Some recipes take you back – back to certain memories of yourself, thoughts you can’t otherwise access, and support from your ancestors.
I was reminded of this fact recently when I found myself sick as a dog. I could hardly sit up straight, much less eat anything. I’d think through the contents of the fridge and everything sounded downright awful.
Then it hit me: I could devour every bite of Salad Shirazi. Salad Shirazi is a tomato cucumber salad originating in Shiraz, a city in the southwest of Iran. Growing up half Iranian-American in California, I used to fill my plate with it at family gatherings. I hadn’t made or even really thought about Salad Shirazi in years, but it shot to mind as a way to rejuvenate and heal myself on some small level. Plus, spring had just blossomed and it sounded like a super refreshing complement to the heat.
So, during the prep process, I took a little greater care than normal to chop the ingredients, toss them thoroughly, and present the salad beautifully. I reflected on the ways this salad was more than just cucumber and tomato, calories and macronutrients – it was bringing up warm family memories, offering me comfort, and reminding me to slow down and savor the small moments.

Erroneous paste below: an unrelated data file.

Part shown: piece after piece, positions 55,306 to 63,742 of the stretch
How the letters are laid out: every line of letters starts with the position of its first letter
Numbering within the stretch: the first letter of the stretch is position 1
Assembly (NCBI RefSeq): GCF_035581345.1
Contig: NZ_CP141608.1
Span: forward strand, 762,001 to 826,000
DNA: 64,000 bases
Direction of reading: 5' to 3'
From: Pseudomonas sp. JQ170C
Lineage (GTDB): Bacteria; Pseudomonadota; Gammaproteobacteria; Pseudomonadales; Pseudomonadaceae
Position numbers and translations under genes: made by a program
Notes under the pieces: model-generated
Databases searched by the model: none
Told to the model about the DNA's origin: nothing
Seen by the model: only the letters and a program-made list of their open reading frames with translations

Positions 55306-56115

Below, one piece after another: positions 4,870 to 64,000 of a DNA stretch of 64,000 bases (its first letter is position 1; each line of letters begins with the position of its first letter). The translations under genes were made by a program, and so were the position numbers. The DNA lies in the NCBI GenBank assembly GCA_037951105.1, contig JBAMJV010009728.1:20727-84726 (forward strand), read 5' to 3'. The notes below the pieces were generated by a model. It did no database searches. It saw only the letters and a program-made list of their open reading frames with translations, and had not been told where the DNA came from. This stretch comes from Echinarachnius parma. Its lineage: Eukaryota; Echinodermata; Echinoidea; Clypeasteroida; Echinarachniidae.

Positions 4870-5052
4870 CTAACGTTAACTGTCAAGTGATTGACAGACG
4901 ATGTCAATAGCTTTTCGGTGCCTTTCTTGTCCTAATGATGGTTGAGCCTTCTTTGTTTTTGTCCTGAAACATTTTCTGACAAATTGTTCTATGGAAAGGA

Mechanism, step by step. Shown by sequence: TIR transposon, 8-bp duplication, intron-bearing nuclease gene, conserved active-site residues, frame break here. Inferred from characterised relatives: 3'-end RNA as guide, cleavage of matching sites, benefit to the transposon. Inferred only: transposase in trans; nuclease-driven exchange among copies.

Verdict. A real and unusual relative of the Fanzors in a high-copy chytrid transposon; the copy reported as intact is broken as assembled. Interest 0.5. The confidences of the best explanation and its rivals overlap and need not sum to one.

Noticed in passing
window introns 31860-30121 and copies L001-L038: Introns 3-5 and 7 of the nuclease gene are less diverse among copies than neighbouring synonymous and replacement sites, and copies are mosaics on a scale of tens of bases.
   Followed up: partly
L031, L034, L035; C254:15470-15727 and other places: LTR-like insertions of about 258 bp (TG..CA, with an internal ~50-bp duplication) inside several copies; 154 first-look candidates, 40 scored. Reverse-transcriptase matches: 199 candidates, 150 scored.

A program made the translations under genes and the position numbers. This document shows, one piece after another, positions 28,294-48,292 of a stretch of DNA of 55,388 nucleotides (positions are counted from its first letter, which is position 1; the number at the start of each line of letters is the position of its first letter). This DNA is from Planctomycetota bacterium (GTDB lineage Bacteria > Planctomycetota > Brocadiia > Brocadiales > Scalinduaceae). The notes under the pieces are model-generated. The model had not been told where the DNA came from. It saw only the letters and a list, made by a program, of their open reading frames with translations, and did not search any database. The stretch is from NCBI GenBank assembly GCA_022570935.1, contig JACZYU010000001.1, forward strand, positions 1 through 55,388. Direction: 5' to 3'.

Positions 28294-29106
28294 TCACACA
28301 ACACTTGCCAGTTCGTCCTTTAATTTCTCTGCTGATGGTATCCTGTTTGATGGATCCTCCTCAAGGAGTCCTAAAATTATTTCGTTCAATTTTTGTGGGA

Now that summer’s here, it’s a perfect time to make Salad Shirazi more often. It stands on its own or pairs perfectly with kebab or roasted protein.
Here’s the recipe if you want to try it for yourself!
Salad Shirazi Recipe (serves 4)
4 Persian cucumbers
2 ripe tomatoes
½ small red onion
½ lemon (or lemon juice in a pinch)
2 tsp dried mint (you can also use fresh mint)
Dash of salt
Dash of black pepper
Slice the cucumbers, tomatoes, and onion into very small, bite-sized pieces. This helps the vegetables better absorb all the different flavors of the salad. Then, combine the sliced vegetables in a bowl.
Squeeze the fresh lemon into a cup and remove any seeds that may have fallen in. Pour the lemon juice into the bowl according to your taste. (Hot tip: before pouring in all of the juice, check to see how much juice is sitting on the bottom so you’re not stuck with a pool of it half-way through eating.)
Add the dried mint. If you’re using fresh mint, chop it very finely first.
Add the salt and pepper to taste.Toss thoroughly.
Refrigerate the salad for at least 30 min before eating (if possible). The salad is best served chilled and it helps bring out the flavors of the lemon and the mint.